Sample swap of my genome from Dante Labs ?
When I learned in 2018 that Dante Labs was promoting their €169 30X whole genome sequencing (WGS) I immediately jumped on it. I have been working with Next Generation Sequencing data since I joined Illumina Inc in 2009 as a bioinformatics scientist. Recently, at the Inova Translational Medicine Institute, I published a few papers (e.g. this, this and this) on de novo mutations. Naturally, it would be interesting to look at my own de novo mutations.
The price for WGS has dropped significantly in the last 10 years but it is still quite expensive for healthy consumers who are simply “curious” about their genomes. Dante Labs’ promotional price was good enough for me to purchase it.
My parents live in Hong Kong and they had some trouble getting the right DHL label to ship the data back but after quite a few rounds with the Dante Labs customer services they got the right label and the samples were shipped!
Dante Labs has generously shared all the raw data and the variant files, providing links to download them. These include the FASTQs, BAM file, small variants, and Structural variants files. I plan on writing another entry on these so please stay tuned.
In this blog post, I am going to share the three ways that I checked my genome (a more technical blog post including scripts will come later).
The reasons why I think my sample was swapped can be summarized in my tweet earlier. I will go into slightly more details in this blog.
Comparison with 23andme data
My parents and I all have done 23andme so after performing some QC on the FASTQ files and looking at het/hom, ts/tv on SNVs, I investigated the genotype concordance rates between the 2 platforms in each of us.
I followed this article from bcftools to convert raw 23andme files to bcf. I used Singularity to pull the bcftools image v1.9 from biocontainers. After that, I used bcftools gtcheck to compare the converted bcf file from 23andme with the filtered.snp.vcf.gz from Dante Labs. Note that filtered.snp.vcf.gz is not a gvcf file, meaning that it does not keep track of the homozygous reference or no-call sites, however for our purpose on checking for sample matches this is sufficient.
The discordant rate for both my parents’ variants’ are ~0.08% but it is 40.5% for my genome:
I did a quick ancestry estimation by projecting our genomes to the 1,000 genome data set, using the AKT from Illumina. It generated the figure I showed in my tweet. My family is from southern China, and as you can see in the plot. My parents’ genomes are well within the EAS (East Asian cluster), but mine is far awy from them near the EUR (European cluster).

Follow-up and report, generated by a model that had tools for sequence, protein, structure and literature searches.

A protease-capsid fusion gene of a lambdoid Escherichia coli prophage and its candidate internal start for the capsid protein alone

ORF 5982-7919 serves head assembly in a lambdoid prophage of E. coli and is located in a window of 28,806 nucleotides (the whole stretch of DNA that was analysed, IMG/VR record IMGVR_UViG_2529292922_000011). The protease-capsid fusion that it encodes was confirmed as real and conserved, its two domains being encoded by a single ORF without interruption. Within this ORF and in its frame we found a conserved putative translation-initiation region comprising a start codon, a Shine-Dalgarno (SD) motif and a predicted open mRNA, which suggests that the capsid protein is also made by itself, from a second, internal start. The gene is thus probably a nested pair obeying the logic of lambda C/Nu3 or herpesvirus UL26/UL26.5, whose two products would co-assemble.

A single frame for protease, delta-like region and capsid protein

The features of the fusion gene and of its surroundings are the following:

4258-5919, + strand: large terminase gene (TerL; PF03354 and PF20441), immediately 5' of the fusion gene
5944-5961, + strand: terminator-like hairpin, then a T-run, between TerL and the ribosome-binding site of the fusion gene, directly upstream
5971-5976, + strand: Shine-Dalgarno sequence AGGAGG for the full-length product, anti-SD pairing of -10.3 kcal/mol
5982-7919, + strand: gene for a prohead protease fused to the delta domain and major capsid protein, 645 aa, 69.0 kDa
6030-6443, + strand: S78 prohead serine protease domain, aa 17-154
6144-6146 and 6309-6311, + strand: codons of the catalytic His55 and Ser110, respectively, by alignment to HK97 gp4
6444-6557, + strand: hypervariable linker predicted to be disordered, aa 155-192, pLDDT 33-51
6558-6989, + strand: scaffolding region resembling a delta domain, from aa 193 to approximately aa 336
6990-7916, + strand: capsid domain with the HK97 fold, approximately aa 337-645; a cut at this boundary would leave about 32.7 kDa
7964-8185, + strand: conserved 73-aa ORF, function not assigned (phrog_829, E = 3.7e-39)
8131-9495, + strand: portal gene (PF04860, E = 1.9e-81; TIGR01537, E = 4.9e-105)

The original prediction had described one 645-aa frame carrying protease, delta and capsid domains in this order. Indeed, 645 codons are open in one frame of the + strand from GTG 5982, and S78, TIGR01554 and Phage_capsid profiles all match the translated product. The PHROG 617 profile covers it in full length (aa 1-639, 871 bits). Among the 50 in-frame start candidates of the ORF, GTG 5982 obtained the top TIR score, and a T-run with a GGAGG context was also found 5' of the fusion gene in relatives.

Mendelian Inheritance Error
At this point, I am very convinced that there is a sample swap for my genome but I thought I might as well set up the analysis to look at the Mendelian Inheritance Error (MIE) anyway. I used RTG Tools to annotate my family’s merged vcf
docker run \
-v "/data":"/data" \
realtimegenomics/rtg-tools:3.10.1 mendelian \
-i /data/genomes/deepvariant/output/deepvariant.wongFamily.vcf.gz \
-o /data/genomes/deepvariant/output/deepvariant.wongFamily.annotated.vcf.gz \
-t /data/genomes/rtg/reference/hs37d5.sdf \
| tee /data/genomes/rtg/logs/deepvariant.wong_rtg_output.txt
And no surprise,
2504655/7001603 (35.77%) records contained a violation of Mendelian constraints
This is just a quick way to check to see if the sample matches with my gender. One easy way to do this is to check out the coverage in the X and Y chromosomes using samtools idxstats. For example, to get the
singularity exec -B /data/ ~/singularity_containers/samtools-v1.7.0_cv4.simg samtools idxstats <mybamfile>
I get a tab-delimited output with reference sequence name, sequence length, number of mapped read-segments, and number of unmapped read-segments. The following is what I get for X and Y chromosome
X 155270560 34059561 245648
Y 59373566 185698 25220
If I multiply the third column (number of mapped read segments) by 150 (read length is 150 bp), then divide by the second column (sequence length), I get the mean coverage is ~ 32.9X for the X chromosome and 0.47X for the Y chromosome. This indicates to me that the sample is indeed a female (diploid X), or you will see roughly the same coverage for X and Y chromosomes (haploid X and haploid Y).
I guess sample swap happens, the question is as the consumer how can you tell if the genome you received is indeed your genome? Of the methods I described above I guess perhaps the first thing to check is your ancestry, there are a few websites that offer such service for free, depending on the format of your genotype data. To name a few, you could try:
Secondly, if you have your genotyping done at a company, and you are able to get the raw data from them, comparing the genotypes between the 2 should also be very helpful. I will share my scripts on GitHub in my future blog posts.
Disclosure: Bear in mind that some of the links in this post are affiliate links and if you go through them to make a purchase I will earn a commission. Keep in mind that I link these companies and their products because of their quality and not because of the commission I receive from your purchases. The decision is yours, and whether or not you decide to buy something is completely up to you.